Page:A Dictionary of Music and Musicians vol 2.djvu/230

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218
MARSCHNER.
MARIONETTE-THEATRE.

Teresa, that by her desire Prince Esterhazy had the whole apparatus sent to Vienna for the amusement of the Court. In London, fantoccini were playing between the years 1770 and 80 at Hickford's large Rooms in Panton Street, Haymarket, Marylebone Gardens, and in Piccadilly. In Nov. 1791 Haydn was present at one of these performances[1] in the elegant little theatre called Varietés Amusantes, belonging to Lord Barrymore, in Savile Row. He was much interested, and wrote in his diary, 'The puppets were well-managed, the singers bad, but the orchestra tolerably good.' The playbill may be quoted as a specimen.

FANTOCCINI
Dancing and music.
Overture, Haydn.

A comedy in one act,
'Arlequin valet.'

Overture, Piccini.

The favourite opera (5th time)
'La buona Figliuola,'
the music by Piccini, Giordani
and Sarti.
Spanish Fandango.

Concertante, Pleyel.

A comedy in one act,
'Les Petits Riens,'
the music by Saccnini and
Paisiello.

To conclude with a Pas de
deux a-la-mode
de Vestris and Hillisberg.
Leader of the band: Mr. Mountain.

First hautboy: Sgr. Patria.

To begin at 8; the doors open at 7 o'clock.

The theatre is well aired and illuminated with wax.

Refreshments to be had at the Rooms
of the theatre. Boxes 5/. Pit 3/.

A critic in 'The Gazetteer' says:—'So well did the motion of the puppets agree with the voice and tone of the prompters, that, after the eye had been accustomed to them for a few minutes, it was difficult to remember that they were puppets.'


Fantoccini are by no means to be despised even in these days. They give opportunity for 'many a true word to be spoken in jest'; they show up the bad habits of actors, and form a mirror in which adults may see a picture of life none the less true for a little distortion.

[ C. F. P. ]

MARITANA. Opera in 3 acts, founded on Don Cesar de Bazan; words by Fitzball, music by W. V. Wallace. Produced at Drury Lane by Mr.Bunn, Nov. 15, 1845.

[ G. ]

MARKULL, Friedrich Wilhelm, born Feb. 17, 1816, near Elbing, Prussia. He studied composition and organ playing under Friedrich Schneider, at Dessau; became in 1836 principal organist at Dantzig and conductor of the 'Gesangverein' there. Markull also enjoys reputation as a pianist, and has given excellent concerts of chamber music. He has composed operas, oratorios, and two symphonies, and many works for the organ, and contributes musical articles for Dantzig journals.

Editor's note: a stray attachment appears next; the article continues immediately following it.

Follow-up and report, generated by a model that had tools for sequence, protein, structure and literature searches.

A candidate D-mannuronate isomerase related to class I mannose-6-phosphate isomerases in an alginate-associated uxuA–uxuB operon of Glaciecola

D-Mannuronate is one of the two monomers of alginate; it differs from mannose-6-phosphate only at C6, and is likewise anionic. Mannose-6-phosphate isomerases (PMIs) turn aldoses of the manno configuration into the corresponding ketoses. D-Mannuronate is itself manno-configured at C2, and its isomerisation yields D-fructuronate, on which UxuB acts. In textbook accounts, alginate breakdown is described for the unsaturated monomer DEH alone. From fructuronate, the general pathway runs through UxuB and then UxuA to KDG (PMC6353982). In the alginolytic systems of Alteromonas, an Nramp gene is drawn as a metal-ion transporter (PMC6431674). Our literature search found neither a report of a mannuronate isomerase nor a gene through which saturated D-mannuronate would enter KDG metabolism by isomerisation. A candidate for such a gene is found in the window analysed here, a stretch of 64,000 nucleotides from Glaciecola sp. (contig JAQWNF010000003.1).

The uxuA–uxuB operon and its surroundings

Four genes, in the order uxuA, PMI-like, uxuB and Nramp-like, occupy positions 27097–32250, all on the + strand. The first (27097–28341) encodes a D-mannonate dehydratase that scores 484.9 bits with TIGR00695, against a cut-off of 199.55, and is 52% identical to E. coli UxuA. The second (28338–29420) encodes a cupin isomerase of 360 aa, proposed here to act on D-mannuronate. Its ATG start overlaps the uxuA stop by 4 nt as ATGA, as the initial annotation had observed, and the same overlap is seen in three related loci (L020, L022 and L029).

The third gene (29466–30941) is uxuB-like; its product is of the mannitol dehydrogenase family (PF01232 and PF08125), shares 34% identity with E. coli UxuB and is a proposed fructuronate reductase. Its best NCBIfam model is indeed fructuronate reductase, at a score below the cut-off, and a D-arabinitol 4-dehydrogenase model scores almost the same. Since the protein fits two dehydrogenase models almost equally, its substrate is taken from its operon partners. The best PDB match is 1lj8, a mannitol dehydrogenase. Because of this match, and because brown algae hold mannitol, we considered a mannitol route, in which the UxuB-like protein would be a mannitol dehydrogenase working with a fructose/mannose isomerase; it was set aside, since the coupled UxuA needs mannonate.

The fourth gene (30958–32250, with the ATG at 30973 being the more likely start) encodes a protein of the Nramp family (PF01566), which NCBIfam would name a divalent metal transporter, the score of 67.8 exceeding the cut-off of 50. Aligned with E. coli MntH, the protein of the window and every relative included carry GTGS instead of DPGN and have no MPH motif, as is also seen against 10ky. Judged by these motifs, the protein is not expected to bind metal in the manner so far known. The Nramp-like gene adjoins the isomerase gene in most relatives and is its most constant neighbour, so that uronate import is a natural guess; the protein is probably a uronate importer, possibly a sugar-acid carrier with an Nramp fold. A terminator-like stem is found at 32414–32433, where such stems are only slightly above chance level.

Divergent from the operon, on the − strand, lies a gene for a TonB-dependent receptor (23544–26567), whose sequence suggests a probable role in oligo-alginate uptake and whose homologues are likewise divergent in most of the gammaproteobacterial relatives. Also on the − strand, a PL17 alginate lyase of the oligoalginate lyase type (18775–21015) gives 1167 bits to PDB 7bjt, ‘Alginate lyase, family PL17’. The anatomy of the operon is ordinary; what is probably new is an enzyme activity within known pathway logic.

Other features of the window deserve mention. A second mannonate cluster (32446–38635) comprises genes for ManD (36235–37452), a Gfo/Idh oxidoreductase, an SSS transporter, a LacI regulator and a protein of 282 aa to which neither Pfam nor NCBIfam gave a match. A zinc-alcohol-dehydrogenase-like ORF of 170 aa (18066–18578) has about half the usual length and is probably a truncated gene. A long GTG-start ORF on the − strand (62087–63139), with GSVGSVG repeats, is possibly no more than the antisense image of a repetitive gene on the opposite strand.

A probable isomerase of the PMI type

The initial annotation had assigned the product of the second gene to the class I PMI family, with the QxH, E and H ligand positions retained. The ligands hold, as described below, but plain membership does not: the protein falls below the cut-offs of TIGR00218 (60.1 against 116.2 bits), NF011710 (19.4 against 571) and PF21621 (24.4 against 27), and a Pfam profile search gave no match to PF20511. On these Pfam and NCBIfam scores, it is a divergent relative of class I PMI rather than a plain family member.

[ H. S. O. ]

MARPURG, Friedrich Wilhelm, eminent writer on music, born 1718 [App. p.711 "Oct 1"] at Marpurgshof, near Seehausen, in Brandenburg. Little is known of his musical education, as Gerber gives no details, although Marpurg furnished him with the history of his life. Spazier ('Leipzig musik. Zeitung,' ii. 553) says that in 1746 he was secretary to General Rothenburg in Paris, and there associated with Voltaire, Maupertuis, D'Alembert, and Rameau; and Eberhard remarks that his acquaintance with good society would account for his refined manners and his tact in criticism. The absence in his works of personality and of fine writing, then so common with musical authors, is the more striking as he had great command of language and thoroughly enjoyed discussion. His active pen was exercised in almost all branches of music—composition, theory, criticism, and history. Of his theoretical works the most celebrated are—the 'Handbuch beim Generalbasse, und der Composition,' founded on Rameau's system (3 parts, 1757–8, Berlin); 'Der kritische Musicus an der[2] Spree' (Berlin, 1750), containing on p. 129 a lucid explanation of the old Church Modes; the 'Anleitung zur Singecomposition' (Berlin, 1758), and the 'Anleitung zur Musik' (Berlin, 1763), both still popular; the 'Kunst das Clavier zu spielen' (1750); the 'Versuch über die musikalische Temperatur' (Breslau, 1776), a controversial pamphlet intended to prove that Kirnberger's so-called fundamental bass was merely an interpolated bass; and the 'Abhandlung von der Fuge,' 62 plates (Berlin 1753–54; 2nd edition 1806; French, Berlin 1756), a masterly summary of the whole science of counterpoint at that period, with the solitary defect that it is illustrated by a few short examples, instead of being treated in connection with composition. This Marpurg intended to remedy by publishing a collection of fugues by well-known authors, with analyses, but he only issued the first part (Berlin, 1758). Of his critical works the most important is the 'Historischkritische Beiträge,' 5 vols. (Berlin, 1744–62 [App. p.711 "1754–78"]). Among the historical may be specified a MS. 'Entwurf einer Geschichte der Orgel,' of which Gerber gives the table of contents; and the 'Kritische Einleitung in die Geschichte der Tonkunst' (Berlin, 1751). A jeu d'esprit, 'Legende einiger Musikheiligen von Simon Metaphrastes dem Jüngeren' (Cologne, 1786), appeared under his pseudonym. Of compositions he published, besides collections of contemporary music, '6 Sonaten für das Cembalo' (Nuremberg, 1756); 'Fughe e capricci' (Berlin, 1777): and 'Versuch in figurirten Chorälen,' vols. i and 2; 'Musikalisches Archiv,' an elucidation of the 'Historisch, kritischen Beiträge,' was announced, but did not appear.

Marpurg died May 22, 1795, in Berlin, where he had been director of the government lottery from 1763.

[ F. G. ]

MARSCHNER, Heinrich, celebrated German opera-composer, born Aug. 16, 1796 [App. p.711 "1795"], at Zittau in Saxony. He began to compose sonatas, Lieder, dances, and even orchestral music, with no further help than a few hints from various musicians with whom his beautiful soprano voice and his pianoforte playing brought him into contact. As he grew up he obtained more

  1. See Pohl's 'Haydn in London,' p. 102.
  2. The Spree is the river which flows (or rather creeps) through Berlin.